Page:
Press release

Number 10 Press Briefing - Morning From 29 July 2010

Briefing by the Prime Minister's Spokesman on: Default Retirement Age, Prime Minister's trip to India, Pakistan and Scotland.

This was published under the 2010 to 2015 Conservative and Liberal Democrat coalition government

Default Retirement Age

Asked what the Prime Minister thought about criticism from some in the business sector that the proposal to scrap the Default Retirement Age (DRA) would create uncertainty, the Prime Minister’s Spokeswoman (PMS) said that the point of this was to give greater choice to both employers and employees.  We knew that older workers brought a wealth of talent and experience as employees, and that they had a vital contribution to make.

Put that if there was nothing to take the DRA’s place a vacuum would be created, the PMS said that this was a consultation process so we would listen to views from business.

Put that this would have a negative impact on youth unemployment, the PMS said that research had shown the opposite was true.  Retaining more older people in work stimulated the economy, which in turn helped create more job opportunities for everyone, including young people. UK and international evidence had found that younger and older worker employment were not substitutes, and in some cases were complementary.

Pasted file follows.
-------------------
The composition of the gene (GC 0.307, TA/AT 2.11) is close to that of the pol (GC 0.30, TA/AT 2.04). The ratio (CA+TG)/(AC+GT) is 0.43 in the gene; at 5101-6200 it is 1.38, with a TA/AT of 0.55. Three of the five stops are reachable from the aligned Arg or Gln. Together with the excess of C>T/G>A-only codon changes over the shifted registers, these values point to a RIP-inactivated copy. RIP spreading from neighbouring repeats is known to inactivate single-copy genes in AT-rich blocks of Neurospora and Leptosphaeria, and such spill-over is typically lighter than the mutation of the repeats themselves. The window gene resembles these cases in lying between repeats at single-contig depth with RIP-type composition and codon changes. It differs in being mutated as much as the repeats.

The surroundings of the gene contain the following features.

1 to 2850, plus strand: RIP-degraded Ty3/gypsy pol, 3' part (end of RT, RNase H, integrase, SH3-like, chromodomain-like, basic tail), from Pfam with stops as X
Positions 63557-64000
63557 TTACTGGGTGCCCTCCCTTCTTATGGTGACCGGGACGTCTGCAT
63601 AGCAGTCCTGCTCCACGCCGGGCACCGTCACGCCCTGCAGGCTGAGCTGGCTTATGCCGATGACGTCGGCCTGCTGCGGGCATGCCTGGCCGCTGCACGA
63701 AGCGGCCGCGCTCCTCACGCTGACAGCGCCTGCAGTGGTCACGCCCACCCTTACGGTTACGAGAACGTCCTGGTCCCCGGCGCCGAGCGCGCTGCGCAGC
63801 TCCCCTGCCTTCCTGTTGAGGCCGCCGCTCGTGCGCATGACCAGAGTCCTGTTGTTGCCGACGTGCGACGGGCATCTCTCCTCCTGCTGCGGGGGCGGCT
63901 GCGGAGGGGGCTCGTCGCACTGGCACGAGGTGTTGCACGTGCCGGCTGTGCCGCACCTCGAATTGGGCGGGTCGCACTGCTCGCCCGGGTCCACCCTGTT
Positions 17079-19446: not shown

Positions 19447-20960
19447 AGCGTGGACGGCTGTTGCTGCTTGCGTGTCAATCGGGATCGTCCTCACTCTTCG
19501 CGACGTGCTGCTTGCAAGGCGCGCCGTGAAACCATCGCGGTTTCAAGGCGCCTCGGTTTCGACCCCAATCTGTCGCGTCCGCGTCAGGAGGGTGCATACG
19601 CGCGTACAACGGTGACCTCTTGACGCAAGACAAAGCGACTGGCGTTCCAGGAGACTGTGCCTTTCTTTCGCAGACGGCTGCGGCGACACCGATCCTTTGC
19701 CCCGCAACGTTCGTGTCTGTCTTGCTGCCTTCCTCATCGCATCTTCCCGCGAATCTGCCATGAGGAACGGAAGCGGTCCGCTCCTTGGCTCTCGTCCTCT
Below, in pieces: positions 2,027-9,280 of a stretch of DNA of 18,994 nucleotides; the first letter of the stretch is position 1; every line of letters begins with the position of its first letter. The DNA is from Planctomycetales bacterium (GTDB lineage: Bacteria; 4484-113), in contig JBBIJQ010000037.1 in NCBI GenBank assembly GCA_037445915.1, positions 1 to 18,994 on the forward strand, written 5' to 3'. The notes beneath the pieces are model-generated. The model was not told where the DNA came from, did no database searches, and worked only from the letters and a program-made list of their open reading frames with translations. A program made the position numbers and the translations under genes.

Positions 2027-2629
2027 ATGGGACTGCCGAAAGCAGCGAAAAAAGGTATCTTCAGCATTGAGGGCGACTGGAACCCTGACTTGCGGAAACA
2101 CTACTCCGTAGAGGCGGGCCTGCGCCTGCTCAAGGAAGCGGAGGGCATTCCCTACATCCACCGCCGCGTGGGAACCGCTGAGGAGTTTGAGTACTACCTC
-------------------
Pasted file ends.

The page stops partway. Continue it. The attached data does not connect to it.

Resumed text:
Asked if the Prime Minister agreed with the Pensions Minister’s comments on state pension, the PMS said that the government was looking at pension reform and wanted to be assured that the pension met the needs of older people.

Prime Minister’s Trip to India

Asked who decided that the Prime Minister should stay in a hotel that had a butler, the PMS said that accommodation was chosen on both financial and practical considerations.   The Prime Minister had said this morning that he wasn’t aware of such a service, but we understood it was the normal practice of the hotel to provide support staff to their visitors.

Asked about staff at Chequers, the PMS said that Chequers was owned by a trust and we wouldn’t go into detail of staff arrangements.


Asked if there had been any representation from the Pakistani government following the Prime Minister’s comments yesterday, the PMS said that the Foreign Secretary was asked the same question this morning and had said that he wasn’t aware of any representations.


Asked what the Prime Minister thought about the Scottish spending review and the fact that health wouldn’t be ring fenced, the PMS said that our spending review was ongoing, and the Prime Minister had made clear our commitment to the health service.

Published 29 July 2010